Ted Cruz needs to pick off enough libertarian votes to hobble Rand Paul, and his data-analytics team thinks it has identified a way to begin to do so.
The recent fight over the expiration of the Patriot Act provisions that provide the legal basis for the National Security Agency’s controversial phone data-collection program offered a window into each campaign’s strategy. Cruz supported reforming the provisions, while Paul staged a ten-hour filibuster calling for their repeal. Cruz’s camp believes that Paul is overlooking a growing fear of international terrorism among libertarian-leaning voters, and that he erred by pushing to gut the NSA’s program rather than supporting a Patriot Act–reform bill that had already passed the House. It’s one instance of a data-analysis effort that Cruz’s team will use to try to target libertarians and other critical voters in the primaries.
Cruz’s campaign has identified about 18,000 Iowans who will support the Texas Republican next year provided they participate in the caucuses, according to Chris Wilson, the director of research and analytics for the presidential hopeful. Wilson claims they have identified another 110,000 Hawkeye voters — over three times the number of people needed to win the state — who could be persuaded to back Cruz, and they have researched what issues most motivate those voters. “Not only do I know their issues, but we are also scoring them on personality type,” he tells National Review.
Perhaps surprisingly, Cruz’s team discovered that national security is a prominent and growing concern among libertarian voters. “There is a plurality of libertarians whose top issue is national security today,” Wilson says, pegging the figure in the mid-30s. “Now, I doubt that was the case in 2008. It may not have been even in 2012. But today it is.” Consequently, he believes that Cruz’s support for the USA Freedom Act, which Senate Majority Leader Mitch McConnell backed begrudgingly after failing to pass a bill reauthorizing the Patriot Act, hit the sweet spot in terms of appealing to libertarians who dislike the NSA but fear ISIS.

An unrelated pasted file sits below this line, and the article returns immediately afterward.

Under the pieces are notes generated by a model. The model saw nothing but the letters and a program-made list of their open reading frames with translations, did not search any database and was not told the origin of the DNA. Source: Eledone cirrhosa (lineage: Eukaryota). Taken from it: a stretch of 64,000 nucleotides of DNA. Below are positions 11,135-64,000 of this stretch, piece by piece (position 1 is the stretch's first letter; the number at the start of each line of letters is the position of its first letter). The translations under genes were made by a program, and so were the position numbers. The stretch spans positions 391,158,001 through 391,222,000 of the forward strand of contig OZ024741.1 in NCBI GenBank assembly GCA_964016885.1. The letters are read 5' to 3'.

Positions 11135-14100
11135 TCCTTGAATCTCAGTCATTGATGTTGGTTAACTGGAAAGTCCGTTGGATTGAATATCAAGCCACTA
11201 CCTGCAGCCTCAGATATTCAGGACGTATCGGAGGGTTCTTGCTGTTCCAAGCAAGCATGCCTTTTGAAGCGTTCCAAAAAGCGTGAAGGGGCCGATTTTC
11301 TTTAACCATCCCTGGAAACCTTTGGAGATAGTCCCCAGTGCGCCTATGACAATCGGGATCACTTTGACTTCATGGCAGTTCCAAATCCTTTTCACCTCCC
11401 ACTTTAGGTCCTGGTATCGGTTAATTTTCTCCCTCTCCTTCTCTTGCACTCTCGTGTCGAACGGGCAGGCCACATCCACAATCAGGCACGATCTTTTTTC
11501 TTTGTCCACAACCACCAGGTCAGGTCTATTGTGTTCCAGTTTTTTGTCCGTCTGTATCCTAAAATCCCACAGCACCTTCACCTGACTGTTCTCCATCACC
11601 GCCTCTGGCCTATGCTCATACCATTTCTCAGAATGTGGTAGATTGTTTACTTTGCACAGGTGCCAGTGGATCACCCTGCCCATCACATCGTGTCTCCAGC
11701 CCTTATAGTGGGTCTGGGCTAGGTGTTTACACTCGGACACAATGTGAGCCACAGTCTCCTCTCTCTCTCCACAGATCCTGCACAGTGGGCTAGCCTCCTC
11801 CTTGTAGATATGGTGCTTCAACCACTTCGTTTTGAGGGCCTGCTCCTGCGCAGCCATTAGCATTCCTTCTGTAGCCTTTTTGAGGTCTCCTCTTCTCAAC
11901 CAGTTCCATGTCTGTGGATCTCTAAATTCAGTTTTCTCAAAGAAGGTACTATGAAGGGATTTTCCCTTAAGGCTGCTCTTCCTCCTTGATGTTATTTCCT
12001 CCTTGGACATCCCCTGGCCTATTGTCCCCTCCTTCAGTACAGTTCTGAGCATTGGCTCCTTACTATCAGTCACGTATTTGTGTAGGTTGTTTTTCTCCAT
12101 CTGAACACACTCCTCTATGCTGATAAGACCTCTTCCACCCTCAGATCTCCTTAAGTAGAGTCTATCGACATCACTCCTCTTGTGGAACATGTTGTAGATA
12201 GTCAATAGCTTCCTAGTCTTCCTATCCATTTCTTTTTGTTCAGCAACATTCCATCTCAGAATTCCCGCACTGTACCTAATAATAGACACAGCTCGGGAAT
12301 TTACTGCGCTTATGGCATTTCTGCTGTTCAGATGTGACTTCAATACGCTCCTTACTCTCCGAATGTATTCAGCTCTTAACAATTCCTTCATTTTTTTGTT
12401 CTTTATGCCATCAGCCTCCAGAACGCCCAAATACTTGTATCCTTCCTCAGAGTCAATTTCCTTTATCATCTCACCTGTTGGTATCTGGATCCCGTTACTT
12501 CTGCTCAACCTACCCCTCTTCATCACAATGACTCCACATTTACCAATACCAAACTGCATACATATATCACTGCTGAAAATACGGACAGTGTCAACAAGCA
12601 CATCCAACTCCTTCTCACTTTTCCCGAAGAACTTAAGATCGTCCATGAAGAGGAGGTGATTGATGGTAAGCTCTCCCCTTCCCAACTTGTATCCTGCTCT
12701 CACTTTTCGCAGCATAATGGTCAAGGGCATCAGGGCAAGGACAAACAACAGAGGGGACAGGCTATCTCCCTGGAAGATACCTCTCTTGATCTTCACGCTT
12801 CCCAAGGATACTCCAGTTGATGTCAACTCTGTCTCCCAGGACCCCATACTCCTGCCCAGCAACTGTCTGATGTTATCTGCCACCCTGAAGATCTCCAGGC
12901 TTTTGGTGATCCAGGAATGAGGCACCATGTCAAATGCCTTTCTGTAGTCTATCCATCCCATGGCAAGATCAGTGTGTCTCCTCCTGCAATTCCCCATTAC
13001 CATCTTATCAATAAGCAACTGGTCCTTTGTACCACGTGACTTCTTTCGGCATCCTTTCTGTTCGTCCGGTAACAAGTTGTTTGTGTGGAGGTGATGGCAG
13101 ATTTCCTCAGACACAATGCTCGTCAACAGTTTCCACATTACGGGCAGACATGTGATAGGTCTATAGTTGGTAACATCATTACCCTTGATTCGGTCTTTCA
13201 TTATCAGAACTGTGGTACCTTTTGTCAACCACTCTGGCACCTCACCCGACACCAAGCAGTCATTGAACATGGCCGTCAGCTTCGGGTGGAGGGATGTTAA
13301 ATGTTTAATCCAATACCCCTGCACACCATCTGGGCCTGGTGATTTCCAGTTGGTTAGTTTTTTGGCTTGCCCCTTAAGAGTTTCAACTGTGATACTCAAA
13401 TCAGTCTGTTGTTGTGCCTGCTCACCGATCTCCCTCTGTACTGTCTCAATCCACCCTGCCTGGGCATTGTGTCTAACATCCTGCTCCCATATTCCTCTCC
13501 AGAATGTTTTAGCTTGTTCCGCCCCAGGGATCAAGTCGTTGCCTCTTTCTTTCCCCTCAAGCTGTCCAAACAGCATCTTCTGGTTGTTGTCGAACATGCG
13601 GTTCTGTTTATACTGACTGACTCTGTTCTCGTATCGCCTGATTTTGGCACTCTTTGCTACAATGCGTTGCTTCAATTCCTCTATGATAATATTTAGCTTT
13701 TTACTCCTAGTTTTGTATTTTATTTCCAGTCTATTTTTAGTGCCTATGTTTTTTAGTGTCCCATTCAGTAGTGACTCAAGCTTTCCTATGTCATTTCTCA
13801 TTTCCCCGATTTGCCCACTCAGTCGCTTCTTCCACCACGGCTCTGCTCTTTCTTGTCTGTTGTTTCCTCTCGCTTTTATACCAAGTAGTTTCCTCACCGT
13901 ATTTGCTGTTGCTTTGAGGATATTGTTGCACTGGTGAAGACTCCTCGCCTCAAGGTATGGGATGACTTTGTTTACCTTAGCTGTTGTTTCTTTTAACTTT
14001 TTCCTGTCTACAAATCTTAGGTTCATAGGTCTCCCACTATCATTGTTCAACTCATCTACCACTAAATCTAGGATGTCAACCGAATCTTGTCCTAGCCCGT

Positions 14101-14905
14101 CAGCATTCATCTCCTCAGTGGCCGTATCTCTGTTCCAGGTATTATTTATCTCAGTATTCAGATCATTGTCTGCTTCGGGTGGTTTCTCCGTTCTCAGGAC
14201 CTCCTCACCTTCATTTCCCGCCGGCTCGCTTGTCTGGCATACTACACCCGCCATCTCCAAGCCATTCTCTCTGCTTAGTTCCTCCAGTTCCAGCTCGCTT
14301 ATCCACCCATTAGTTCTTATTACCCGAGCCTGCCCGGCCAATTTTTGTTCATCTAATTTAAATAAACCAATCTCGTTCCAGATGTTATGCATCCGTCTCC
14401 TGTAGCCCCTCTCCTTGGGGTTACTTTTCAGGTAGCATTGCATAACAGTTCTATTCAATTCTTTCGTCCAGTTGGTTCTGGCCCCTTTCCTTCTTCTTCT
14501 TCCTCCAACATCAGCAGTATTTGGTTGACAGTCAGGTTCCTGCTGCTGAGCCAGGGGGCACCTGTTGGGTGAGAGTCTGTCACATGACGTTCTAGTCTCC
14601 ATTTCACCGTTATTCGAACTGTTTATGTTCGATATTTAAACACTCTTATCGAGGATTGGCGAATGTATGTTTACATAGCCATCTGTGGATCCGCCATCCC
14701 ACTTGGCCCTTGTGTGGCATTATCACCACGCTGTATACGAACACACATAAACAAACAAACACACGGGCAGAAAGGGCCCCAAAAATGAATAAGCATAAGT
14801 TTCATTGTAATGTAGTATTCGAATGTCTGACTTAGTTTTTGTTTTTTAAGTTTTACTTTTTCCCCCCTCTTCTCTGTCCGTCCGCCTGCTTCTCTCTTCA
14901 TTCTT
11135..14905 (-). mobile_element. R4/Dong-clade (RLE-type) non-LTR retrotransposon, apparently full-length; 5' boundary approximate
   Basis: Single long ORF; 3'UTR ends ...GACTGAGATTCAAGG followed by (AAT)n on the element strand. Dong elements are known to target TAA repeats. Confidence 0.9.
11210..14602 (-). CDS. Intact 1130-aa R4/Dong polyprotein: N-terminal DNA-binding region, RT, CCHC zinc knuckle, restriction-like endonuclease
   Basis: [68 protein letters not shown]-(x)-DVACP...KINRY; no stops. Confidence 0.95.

Both candidates are doing a balancing act and taking risks to win over new supporters.
That analysis may rely too much on the expectation that those libertarian voters recognize the USA Freedom Act as a middle ground between their national-security fears and their opposition to the NSA program. “That’s a little bit of a false premise to say that because people are concerned about ISIS that somehow they’re more supportive of a robust domestic-surveillance program,” says a Republican operative who is backing Paul. “What I want to know is, does it actually impact the way that somebody votes? And, if so, what solution and what proposal or idea is moving them?”
Paul’s camp assumes that he has too much credibility among libertarians, especially the ones who supported his father, for Cruz to make inroads as an alternative defender of privacy. They believe Cruz’s failure to back Paul on the Patriot Act won’t help him eat into their core supporters. “I think his not supporting Rand [in the NSA fight] hurt him in that base,” Munisteri says.
#related#Nevertheless, the Paul campaign is clearly wary of the threat Cruz poses to their libertarian bedrock. In the aftermath of the NSA fight, they’ve taken the unusual step of claiming credit for the passage of the USA Freedom Act, even though Paul opposed the bill. Munisteri admits that the bill is an improvement over the Patriot Act, but says Cruz must “credit that improvement to Rand Paul, because there is no way that act would have been passed had Rand not caused the Patriot Act to expire.”
Both candidates are doing a balancing act and taking risks to win over new supporters. Paul’s Patriot Act fight invigorated his libertarian base, but “it cost him a little among more mainstream Republican voters, those so-called traditional Republican voters who were giving him a look,” the GOP operative says. At the same time, Cruz may find that his attempt to satisfy national-security hawks while poaching libertarians from Paul alienates too many voters in both camps.
“I think where Rand’s at is a good spot. I think Cruz is doing what he thinks he’s got to do. And, we’ll see who is right in February and March of next year,” says the Paul supporter.
— Joel Gehrke is a political reporter for National Review.